10:17 Birthdays & More

Sharing birthdays on October 17 are Apollo 8 astronaut Bill Anders (1933), daredevil Evel Knievel (1938), and Space Shuttle astronaut Mae Jemison (1956).

Those of us who grew up in the 1960s and 1970s remember Evel Knievel, dressed in his red, white, and blue garb. He attempted to jump this, that, and the other thing, including the Snake River Canyon on a motorcycle—or rather, on a Skycycle with a steam-powered rocket engine. (See the video here.) For twenty years, he held the record for jumping 19 cars. Unlike Fonzie’s jumping of a shark in 1977, however, Knievel’s shark jump in Chicago in 1976 was thwarted by an unsuccessful rehearsal; he broke both arms, and a camera operator lost an eye. Evel Knievel died in 2007.

WikiCommons/public domainMae Jemison was the physician aboard the Space Shuttle’s 47th mission in 1992 and the first African-American woman in space. Born in Alabama, her family moved to Chicago when she was three years old. After graduating from Morgan Park High School, she started college at Stanford University when she was sixteen. In 1977, she earned a B.S. in Chemical Engineering and also fulfilled the requirements for a B.A. in African-American Studies. Then, she became a physician, served two years in the Peace Corps, and was accepted to the astronaut program in 1987. She appeared on Star Trek: The Next Generation in 1993, the year she retired from NASA. See her TED talk here.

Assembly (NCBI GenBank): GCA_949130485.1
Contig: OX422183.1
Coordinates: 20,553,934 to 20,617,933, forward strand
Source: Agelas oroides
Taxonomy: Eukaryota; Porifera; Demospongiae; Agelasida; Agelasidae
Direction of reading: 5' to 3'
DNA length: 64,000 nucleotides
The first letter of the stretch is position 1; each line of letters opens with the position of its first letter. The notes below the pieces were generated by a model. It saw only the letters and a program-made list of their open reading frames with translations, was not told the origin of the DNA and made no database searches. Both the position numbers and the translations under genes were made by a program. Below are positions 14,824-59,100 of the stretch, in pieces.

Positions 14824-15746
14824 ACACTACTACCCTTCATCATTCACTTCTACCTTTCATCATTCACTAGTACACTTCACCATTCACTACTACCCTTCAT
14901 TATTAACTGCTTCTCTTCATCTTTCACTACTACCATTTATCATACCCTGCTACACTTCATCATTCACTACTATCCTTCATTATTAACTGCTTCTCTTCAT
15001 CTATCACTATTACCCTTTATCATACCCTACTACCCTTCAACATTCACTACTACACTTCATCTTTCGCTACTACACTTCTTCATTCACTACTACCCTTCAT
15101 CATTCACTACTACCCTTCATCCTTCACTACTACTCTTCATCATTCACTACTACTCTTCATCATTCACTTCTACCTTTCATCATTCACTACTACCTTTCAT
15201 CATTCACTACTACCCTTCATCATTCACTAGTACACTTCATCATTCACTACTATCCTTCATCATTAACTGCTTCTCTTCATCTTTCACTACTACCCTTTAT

On October 17, 1933, Albert Einstein moved to the United States. He became a U.S. citizen seven years later. Einstein died in 1955, after stating, “It is tasteless to prolong life artificially. I have done my share; it is time to go. I will do it elegantly.” But death didn’t stop his migration. Thomas Stolz Harvey removed and preserved Einstein’s brain within hours of the scientist’s death, and then kept it for decades. After a trip chronicled in Driving Mr. Albert, Einstein’s brain—or most of it—now resides once again at Princeton University. (Visit his digital archive here.)

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